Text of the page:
Emergency department (ED) visits involving psychosis and schizophrenia have increased at a rate exceeding population growth in the United States over the past decade. Research shows a strong dose-response relationship between chronic use of high-potency cannabis and odds of developing symptoms of psychosis. The aim of this study was to evaluate the impact of cannabis legalization on psychosis and schizophrenia-related ED visits in Colorado.
Using administrative data from Colorado Hospital Association (CHA) on county-level quarterly ED visits between January 1, 2013, and December 31, 2018, we applied a difference-in-difference analysis to examine how new exposure to recreational cannabis dispensaries after 2014 differentially influenced the rate of ED visits for psychosis and schizophrenia, comparing counties with no prior medical cannabis dispensary exposure to counties with low or high medical dispensary exposure.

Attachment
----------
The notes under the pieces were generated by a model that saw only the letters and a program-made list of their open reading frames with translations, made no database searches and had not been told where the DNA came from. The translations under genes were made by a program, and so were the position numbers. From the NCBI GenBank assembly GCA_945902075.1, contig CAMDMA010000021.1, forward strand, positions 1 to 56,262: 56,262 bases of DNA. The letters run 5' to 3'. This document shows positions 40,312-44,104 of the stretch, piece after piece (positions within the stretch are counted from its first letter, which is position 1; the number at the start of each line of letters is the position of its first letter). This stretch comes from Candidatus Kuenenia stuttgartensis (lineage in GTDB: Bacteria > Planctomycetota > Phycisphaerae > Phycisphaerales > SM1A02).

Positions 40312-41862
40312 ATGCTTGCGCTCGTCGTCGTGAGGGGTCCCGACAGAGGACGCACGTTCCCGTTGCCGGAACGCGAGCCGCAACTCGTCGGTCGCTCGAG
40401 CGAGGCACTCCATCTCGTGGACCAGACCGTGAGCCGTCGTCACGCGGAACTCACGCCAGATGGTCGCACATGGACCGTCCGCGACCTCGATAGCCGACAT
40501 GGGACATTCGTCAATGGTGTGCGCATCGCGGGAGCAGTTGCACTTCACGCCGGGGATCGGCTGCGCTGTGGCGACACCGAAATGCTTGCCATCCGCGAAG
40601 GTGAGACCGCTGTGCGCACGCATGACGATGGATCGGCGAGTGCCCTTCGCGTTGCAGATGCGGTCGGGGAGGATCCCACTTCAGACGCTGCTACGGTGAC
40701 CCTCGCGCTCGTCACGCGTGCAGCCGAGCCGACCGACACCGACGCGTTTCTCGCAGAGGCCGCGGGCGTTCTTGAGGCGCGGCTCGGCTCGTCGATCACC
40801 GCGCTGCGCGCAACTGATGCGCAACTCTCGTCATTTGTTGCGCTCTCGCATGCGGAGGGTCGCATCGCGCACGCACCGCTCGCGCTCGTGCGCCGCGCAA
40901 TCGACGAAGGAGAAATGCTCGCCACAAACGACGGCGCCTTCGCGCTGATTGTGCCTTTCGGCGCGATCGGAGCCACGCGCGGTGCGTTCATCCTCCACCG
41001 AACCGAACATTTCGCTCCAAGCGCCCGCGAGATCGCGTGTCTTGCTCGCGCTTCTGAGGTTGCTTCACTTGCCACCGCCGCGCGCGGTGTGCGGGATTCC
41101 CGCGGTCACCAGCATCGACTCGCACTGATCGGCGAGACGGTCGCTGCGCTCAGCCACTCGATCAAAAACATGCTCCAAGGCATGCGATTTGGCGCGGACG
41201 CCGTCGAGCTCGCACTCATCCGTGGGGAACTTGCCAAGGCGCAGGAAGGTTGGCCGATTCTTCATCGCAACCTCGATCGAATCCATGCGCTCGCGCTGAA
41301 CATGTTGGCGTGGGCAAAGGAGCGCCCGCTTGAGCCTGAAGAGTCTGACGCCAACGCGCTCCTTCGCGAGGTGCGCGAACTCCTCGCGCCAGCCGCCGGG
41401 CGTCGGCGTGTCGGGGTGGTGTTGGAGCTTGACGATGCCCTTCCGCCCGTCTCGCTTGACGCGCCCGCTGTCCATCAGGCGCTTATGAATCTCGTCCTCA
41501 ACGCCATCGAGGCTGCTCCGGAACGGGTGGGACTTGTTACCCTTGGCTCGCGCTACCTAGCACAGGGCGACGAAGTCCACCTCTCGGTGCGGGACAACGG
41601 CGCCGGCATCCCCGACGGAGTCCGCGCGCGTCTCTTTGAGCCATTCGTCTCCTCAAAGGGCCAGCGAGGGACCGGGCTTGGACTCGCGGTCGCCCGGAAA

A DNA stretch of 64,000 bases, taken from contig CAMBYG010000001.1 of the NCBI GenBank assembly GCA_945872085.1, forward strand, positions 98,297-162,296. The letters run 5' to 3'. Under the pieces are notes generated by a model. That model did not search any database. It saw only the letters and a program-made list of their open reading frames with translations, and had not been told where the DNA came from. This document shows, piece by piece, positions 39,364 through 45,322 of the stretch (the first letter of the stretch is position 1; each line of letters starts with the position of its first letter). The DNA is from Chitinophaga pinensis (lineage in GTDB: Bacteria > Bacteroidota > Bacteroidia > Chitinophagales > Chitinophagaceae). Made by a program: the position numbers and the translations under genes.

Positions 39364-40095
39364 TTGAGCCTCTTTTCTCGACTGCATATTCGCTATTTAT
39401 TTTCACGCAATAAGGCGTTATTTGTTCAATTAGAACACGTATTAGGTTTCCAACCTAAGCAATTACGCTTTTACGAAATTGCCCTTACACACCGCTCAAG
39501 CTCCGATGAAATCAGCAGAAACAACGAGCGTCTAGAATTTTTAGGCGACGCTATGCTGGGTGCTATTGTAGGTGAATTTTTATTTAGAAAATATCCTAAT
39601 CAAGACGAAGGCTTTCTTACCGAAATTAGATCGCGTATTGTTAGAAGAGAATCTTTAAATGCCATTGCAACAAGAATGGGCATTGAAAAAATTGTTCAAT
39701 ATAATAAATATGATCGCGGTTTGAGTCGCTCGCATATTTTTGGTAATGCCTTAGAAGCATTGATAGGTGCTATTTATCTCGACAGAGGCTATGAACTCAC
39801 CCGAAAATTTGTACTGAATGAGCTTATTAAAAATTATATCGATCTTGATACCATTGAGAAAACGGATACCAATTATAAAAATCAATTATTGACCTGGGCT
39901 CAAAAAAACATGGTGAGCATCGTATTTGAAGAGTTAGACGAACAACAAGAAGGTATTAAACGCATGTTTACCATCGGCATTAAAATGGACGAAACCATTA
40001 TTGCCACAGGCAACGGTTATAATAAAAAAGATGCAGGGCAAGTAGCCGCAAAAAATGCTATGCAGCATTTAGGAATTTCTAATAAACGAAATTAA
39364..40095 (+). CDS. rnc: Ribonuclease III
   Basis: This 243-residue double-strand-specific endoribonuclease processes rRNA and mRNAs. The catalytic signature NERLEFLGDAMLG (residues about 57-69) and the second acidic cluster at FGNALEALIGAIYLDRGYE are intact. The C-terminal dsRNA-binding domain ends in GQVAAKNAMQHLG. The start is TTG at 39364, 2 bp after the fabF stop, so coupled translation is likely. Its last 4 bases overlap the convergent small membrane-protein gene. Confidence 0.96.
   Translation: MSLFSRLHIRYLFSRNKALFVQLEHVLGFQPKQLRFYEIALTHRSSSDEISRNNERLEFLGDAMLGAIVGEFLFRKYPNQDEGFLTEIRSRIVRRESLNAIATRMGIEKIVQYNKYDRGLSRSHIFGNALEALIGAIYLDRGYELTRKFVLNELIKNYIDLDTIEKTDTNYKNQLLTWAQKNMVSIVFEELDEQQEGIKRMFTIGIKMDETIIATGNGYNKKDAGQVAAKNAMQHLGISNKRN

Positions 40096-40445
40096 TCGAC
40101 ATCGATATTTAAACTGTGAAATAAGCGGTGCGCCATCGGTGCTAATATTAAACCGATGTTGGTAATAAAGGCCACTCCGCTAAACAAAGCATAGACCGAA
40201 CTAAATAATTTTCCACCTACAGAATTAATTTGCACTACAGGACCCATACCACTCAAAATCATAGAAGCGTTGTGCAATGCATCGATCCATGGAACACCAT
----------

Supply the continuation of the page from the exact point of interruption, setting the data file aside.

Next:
As recreational dispensaries per 10,000 residents increased, there was no significant association with the rate of schizophrenia ED visits per capita (incidence rate ratio or IRR: 0.95, 95% CI [0.69, 1.30]) while the rate of psychosis visits increased 24% (IRR: 1.24, 95% CI [1.02, 1.49]). Counties with no previous medical dispensaries experienced larger increases in schizophrenia ED visits than counties already exposed to a low level of medical dispensaries, but this effect was not significant. Counties with low baseline medical exposure had lower increases in rates of psychosis visits than counties with high baseline medical exposure (IRR 0.83, 95% CI [0.69, 0.99]).
There was a positive association between the number of cannabis dispensaries and rates of psychosis ED visits across all counties in Colorado. Although it is unclear whether it is access to products, or the types of products that may be driving this association, our findings suggest there is a potential impact on the mental health of the local population that is observed after cannabis legalization.
The full study is available in International Journal of Drug Policy.